I made an unexpected road trip to Antique the other day to accompany my wife who thought it would be a good idea to have me tag along to ride a roro, enjoy the drive and at the same time get some precious post-Valentine’s together time. Aside from that, I suspect she had a sneaky motive: she’d get to ride in our family car instead of some rent-a-van during the 2-hour land trip from Iloilo to Antique.
We may be a family that enjoys exploring and traveling, but it was ironically our first to take our own car on the roro to Iloilo. The last time we did that it was with my late mother almost ten years ago. What made it even more exciting/stressful was not knowing that we would go until literally a few hours before the trip. In fact, I am writing part of this article at a car wash in San Jose, while waiting for the salty sea spray to be hosed off the car after the 2-hour roro trip and the 2-hour drive from Iloilo to Antique.
We planned to take the FastCat, the newest Bacolod-Iloilo roro service that my wife had been gushing about. She enjoyed the new vessel and its improved comfort over its competitors that she, as a regular of the Iloilo-Bacolod route, is all too familiar with.
As roro newbies who didn’t know how the system worked and didn’t want to be left behind, we left the house around 4:10 am and got to Banago by 4:30. The first surprise of our trip was discovering that the FastCat sometimes gets cancelled. It didn’t leave Iloilo for some reason that day so there was no 5 am trip from Bacolod.
Disappointed, my wife offered to take the regular fastcraft to Iloilo and take a van to Antique instead. But since we were already up before the crack of dawn and had made the necessary arrangements with our kids to be away, we decided to try to catch another roro instead.
We proceeded to Bredco and got ourselves on a 5:30 trip to Dumangas. The experience of getting our car aboard without any reservations could’ve gone better but I may have expected too much civility from the guy in overalls manning the boarding ramp at 5am in the morning.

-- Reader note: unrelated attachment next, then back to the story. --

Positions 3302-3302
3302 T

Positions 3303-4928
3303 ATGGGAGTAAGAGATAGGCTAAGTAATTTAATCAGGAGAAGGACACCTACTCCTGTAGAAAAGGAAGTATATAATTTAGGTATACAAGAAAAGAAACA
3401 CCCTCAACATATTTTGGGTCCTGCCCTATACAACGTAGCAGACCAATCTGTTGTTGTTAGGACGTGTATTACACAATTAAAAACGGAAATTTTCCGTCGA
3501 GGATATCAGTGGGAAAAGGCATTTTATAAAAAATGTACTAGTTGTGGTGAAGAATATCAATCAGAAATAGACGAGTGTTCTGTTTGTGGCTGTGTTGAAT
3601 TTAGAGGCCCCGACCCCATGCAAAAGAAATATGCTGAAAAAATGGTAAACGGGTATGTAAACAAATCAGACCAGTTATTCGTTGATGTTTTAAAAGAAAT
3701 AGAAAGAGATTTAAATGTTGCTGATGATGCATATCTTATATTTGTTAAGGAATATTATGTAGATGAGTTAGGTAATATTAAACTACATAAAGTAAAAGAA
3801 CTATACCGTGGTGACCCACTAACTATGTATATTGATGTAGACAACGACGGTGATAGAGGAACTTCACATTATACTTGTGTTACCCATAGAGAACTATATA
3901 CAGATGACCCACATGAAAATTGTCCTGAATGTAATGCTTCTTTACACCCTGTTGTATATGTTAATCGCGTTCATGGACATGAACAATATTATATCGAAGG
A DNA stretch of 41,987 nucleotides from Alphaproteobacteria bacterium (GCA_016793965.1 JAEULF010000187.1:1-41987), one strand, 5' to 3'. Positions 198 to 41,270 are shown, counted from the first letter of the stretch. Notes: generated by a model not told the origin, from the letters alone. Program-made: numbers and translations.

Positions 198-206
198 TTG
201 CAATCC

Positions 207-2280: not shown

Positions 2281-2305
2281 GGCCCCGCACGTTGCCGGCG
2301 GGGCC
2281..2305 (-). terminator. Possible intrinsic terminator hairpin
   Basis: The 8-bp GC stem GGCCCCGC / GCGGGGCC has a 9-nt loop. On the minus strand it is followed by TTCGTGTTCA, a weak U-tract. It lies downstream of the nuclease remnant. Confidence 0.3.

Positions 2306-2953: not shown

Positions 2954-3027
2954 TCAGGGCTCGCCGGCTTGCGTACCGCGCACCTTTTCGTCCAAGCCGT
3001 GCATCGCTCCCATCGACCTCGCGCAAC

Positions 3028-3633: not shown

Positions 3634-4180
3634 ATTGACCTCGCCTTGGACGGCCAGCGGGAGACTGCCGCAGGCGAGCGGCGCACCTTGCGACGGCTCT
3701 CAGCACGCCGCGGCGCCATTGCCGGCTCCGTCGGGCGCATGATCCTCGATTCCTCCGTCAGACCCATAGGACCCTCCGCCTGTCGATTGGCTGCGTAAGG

Aside from the gruff dude, crossing the narrow sea was actually quite fun. The cool weather made hanging out at the open-air deck a breeze. It was there that we saw the seawater splashing and spraying all over the vehicles, ours included. My wife told me she thinks that doesn’t happen with the Fast Cat, so for those who consider salt spray an issue, prioritizing that option might make sense.
The older roro was cheaper but it was slower and it docked in Dumangas that according to Waze, is another 40-minute drive to Iloilo so we lost a bit of time because of that. Aside from that, car owners like me who have salt-spray phobia will end up shelling up another hundred pesos or so for a quick car wash (the second thing I did as soon as we got to San Jose,) so that has to be considered as well. In our case, we had no choice so we went ahead with it. The important thing was we still got to our destination safely and without incident.
Taking the regular roro instead of the canceled FastCat meant we got to Iloilo City at around 9 am instead of our original estimate of 7am. What good is newer and better if it isn’t there?
We quickly stopped for breakfast and coffee in Iloilo before proceeding to Antique. The usual suspects of tricycles and spots of construction slowed us down but the roads were generally decent and the trip was quite pleasant. I particularly enjoyed the twisty zigzagging roads at the latter part of the trip where I got to test our car’s all wheel drive capabilities and my wife’s resistance to motion sickness.
We only spent a few hours in San Jose. My wife held a couple of meetings while I did some exploring. One of the things I discovered was that the provincial capital of Antique doesn’t have a movie house. By 4:30 we were on the road again, on our way back to Iloilo. Including a stop at the Miagao church, the return trip took much longer as we got to our hotel in the city by 8 pm. I reckon that the rush hour traffic and the lack of streetlights slowed us down by more than an hour.
The following morning, we tried to catch the 8 am FastCat but we were running late so we didn’t expect to make it. However, despite getting to the port with literally just minutes to spare, we were able to buy tickets, pay fees, and load our car on the vessel. I didn’t expect it to be that easy and convenient.
The only disadvantage with the ease of boarding was not getting to see FastCat’s disappointing Iloilo terminal that is my wife’s only complaint as far as the service is concerned. But aside from that, she was right about the new service. It was clean, comfortable, and new. Even her claim that the car would be more sheltered from the harsh elements of the sea was correct. It is, however, more expensive than the usual roro.
I don’t do roro’s because I always had this impression that they were slow, uncomfortable, and a potential nightmare for careful car owners. Our impromptu roro trip this week showed me that I was wrong on most counts and our mixed FastCat experience showed us that while the quality and reliability of service may not exactly be first world, we are not stuck with third world options anymore either.*
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